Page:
In another embodiment of the invention, an etch simulation is performed using a first set of mask/reticle data in order to calculate estimated etch biases. The etch biases are then inserted into an optical process correction (OPC) loop, wherein the etch biases are added/subtracted from the modified mask/reticle data upon each iteration of the OPC loop.
The foregoing aspects and many of the attendant advantages of this invention will become more readily appreciated as the same become better understood by reference to the following detailed description, when taken in conjunction with the accompanying drawings, wherein:
As indicated above, the present invention is a method for compensating mask/reticle data for process distortions that occur on a wafer during photolithographic processing and particularly during etch processing.
In accordance with one embodiment of the present invention, and as shown in
At a step 16, the inverse of the etch biases is calculated. In the example above, if the features in the wafer are 10% smaller than their desired size, then an etch bias correction is created from the inverse etch bias, i.e., an increase in the size of the features on the mask/reticle by 10%.
At a step 18, a new target layer is created using the inverse etch biases. The new target layer is created by analyzing the original IC target layer, read at a step 10, and applying the inverse etch biases that are determined at the step 16 to produce a new data set corresponding to the features as they would need to be prior to the start of the etching process.
The new target layer is then applied as an input to a standard OPC loop, which corrects the data that defines the new target layer for image and resist distortions. Beginning with a step 20, an image/resist simulation is performed. The image simulations may also include simulations of effects caused by mask/reticle fabrication as well. As with the etch simulation, the particular image/resist simulation performed is not considered crucial to the implementation of the invention. Image/resist simulations are well known to those of ordinary skill in the art.
At a step 22, a determination is made whether the results of the image/resist simulation match the new target layer. If not, new layout calculations are made at a step 24 and a new layout, including new or modified features, is generated at a step 26. Processing then returns to step 20 and another image/resist simulation is performed using the revised layout as an input. The process of the OPC loop repeats itself until the answer to step 22 is yes, and the results of the simulation match the new target layer that was supplied at step 18.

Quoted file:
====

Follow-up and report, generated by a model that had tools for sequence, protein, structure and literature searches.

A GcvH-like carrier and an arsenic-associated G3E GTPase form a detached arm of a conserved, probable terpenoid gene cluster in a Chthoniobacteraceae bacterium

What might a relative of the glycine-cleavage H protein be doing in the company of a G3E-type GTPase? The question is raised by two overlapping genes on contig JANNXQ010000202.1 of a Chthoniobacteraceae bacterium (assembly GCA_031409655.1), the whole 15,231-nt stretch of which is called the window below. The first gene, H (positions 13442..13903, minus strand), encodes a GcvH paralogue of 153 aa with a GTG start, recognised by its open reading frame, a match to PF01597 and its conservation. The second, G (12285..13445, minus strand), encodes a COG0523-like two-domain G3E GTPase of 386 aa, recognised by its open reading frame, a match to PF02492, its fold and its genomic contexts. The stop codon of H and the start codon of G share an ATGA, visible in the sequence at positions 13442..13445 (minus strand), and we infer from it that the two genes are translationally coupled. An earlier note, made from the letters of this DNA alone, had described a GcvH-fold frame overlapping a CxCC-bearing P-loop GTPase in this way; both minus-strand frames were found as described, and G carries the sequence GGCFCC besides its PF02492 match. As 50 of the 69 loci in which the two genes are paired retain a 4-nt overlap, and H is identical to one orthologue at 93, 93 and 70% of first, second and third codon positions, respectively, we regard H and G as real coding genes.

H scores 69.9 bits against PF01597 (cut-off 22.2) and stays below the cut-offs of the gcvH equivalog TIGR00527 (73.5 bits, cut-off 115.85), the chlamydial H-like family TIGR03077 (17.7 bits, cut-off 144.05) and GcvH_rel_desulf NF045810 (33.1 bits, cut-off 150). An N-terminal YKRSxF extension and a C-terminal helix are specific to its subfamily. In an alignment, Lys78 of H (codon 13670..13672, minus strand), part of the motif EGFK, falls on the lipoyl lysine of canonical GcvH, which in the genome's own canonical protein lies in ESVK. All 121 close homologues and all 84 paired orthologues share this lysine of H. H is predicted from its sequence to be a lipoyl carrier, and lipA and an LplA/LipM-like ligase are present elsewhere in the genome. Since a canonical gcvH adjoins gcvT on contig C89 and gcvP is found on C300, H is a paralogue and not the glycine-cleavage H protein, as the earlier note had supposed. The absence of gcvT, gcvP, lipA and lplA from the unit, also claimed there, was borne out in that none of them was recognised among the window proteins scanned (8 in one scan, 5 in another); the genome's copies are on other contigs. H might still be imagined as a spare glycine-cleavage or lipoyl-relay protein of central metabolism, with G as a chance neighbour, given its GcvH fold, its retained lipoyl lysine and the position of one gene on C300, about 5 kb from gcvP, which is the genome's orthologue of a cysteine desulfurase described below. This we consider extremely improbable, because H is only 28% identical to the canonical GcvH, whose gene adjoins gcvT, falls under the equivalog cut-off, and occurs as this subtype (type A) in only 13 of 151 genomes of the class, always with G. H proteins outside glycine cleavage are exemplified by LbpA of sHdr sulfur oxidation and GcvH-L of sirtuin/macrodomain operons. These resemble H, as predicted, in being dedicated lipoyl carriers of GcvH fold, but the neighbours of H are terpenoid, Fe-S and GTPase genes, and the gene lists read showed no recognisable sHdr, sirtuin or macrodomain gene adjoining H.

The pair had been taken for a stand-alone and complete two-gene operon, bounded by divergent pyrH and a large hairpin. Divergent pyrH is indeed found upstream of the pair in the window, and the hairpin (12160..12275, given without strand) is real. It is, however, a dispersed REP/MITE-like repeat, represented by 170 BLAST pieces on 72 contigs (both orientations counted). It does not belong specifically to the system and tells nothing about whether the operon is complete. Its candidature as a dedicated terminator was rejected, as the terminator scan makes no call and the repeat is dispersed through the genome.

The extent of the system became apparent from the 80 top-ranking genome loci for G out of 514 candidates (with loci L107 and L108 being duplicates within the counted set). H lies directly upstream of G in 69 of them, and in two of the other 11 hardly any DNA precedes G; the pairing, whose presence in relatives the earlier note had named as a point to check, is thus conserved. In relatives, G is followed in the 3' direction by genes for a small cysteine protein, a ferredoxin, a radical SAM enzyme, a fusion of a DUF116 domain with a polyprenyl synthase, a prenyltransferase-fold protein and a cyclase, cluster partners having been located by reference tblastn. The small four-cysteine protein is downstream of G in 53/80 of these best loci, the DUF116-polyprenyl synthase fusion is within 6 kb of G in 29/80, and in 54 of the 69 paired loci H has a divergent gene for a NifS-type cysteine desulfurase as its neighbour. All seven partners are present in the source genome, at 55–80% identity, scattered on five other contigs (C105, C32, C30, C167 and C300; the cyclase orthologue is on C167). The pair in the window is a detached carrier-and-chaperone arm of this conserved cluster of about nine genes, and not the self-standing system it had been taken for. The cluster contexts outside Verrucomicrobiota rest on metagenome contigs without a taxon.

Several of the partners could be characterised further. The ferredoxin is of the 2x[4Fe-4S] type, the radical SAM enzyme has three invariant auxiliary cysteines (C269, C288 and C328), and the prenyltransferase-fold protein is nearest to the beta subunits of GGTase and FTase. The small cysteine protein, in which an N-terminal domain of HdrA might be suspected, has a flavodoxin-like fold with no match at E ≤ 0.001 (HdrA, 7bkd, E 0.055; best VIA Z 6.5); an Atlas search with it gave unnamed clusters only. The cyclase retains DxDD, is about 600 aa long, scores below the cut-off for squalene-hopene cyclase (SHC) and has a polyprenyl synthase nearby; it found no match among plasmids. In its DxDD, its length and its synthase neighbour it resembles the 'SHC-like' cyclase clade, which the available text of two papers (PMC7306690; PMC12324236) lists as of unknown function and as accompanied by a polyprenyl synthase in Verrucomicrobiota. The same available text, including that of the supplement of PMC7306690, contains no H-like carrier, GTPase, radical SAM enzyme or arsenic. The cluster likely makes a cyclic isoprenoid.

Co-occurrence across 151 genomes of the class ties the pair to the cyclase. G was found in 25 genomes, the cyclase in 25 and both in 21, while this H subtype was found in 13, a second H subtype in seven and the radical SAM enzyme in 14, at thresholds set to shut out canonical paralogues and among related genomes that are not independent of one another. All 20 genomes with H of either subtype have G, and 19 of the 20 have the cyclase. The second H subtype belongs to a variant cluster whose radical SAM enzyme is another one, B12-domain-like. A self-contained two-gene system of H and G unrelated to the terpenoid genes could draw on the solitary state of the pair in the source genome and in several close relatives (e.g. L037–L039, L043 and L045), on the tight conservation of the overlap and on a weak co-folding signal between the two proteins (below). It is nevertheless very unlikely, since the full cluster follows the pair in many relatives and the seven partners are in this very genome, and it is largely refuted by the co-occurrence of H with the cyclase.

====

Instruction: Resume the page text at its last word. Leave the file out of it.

At a step 28, the revised, OPC corrected, layout data is output to a mask/reticle writer and a corresponding mask/reticle is prepared at a step 30. This mask/reticle will now be corrected for both image/resist effects and etch effects.
At a step 54, the etch biases are calculated that will predict how sizes or shapes of the objects created on the wafer will differ from their desired shapes or sizes as a result of the etching distortions.
As opposed to creating a new target layer using data that is compensated for etch distortions, the etch biases calculated at step 54 are applied as part of the OPC loop. The OPC loop begins at a step 56 wherein an image/resist simulation is performed on the original IC layout target layer that was read at step 50. The etch biases calculated at step 54 are then applied to the results of the image/resist simulation at step 58. This is more computationally efficient than including the entire etch simulation 52 within the computations of the OPC loop. At a step 60, a determination is made whether the results of the image/resist simulation, including the etch biases, match the target layer provided. If not, new layout calculations are determined at step 62 and a new layout is generated at step 64. The process continues by returning to step 56 and performing another image/resist simulation with the new layout until the answer to step 60 is yes. At a step 66, the revised OPC layout is provided to a mask/reticle writer and a mask or reticle is prepared at a step 68.
At the present time, it is believed that the steps illustrated in
In addition, it may be possible to apply the etch biases calculated in step 54 to the layout data after a “yes” result is achieved from step 60, instead of after step 56, of each iteration of the OPC loop.
As will be appreciated, the present invention provides a simple and straightforward method of compensating mask/reticle data for both optical process distortions and etch distortions in a computationally efficient manner in order to produce mask/reticles that will produce desired results on a wafer.
While the preferred embodiment of the invention has been illustrated and described, it will be appreciated that various changes can be made therein without departing from the scope of the invention. The scope of the invention is therefore to be determined by the following claims and equivalents thereto.
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|U.S. Classification||703/13, 703/15, 703/16, 703/20, 703/14, 716/53, 716/52|
|International Classification||G03F1/36, G03F1/00, G06F17/50, G06F13/12|
|Cooperative Classification||G03F1/80, G03F1/36|
|European Classification||G03F1/36, G03F1/14G|
|Jul 2, 2001||AS||Assignment|
Owner name: MENTOR GRAPHICS CORPORATION, OREGON
Free format text: ASSIGNMENT OF ASSIGNORS INTEREST;ASSIGNORS:GRANIK, YURI;SCHELLENBERG, FRANKLIN M.;REEL/FRAME:011971/0014
Effective date: 20010628
Owner name: MENTOR GRAPHICS CORPORATION, OREGON
Free format text: ASSIGNMENT OF ASSIGNORS INTEREST;ASSIGNORS:GRANIK, YURI;SCHELLENBERG, FRANKLIN M.;REEL/FRAME:011971/0028
Effective date: 20010628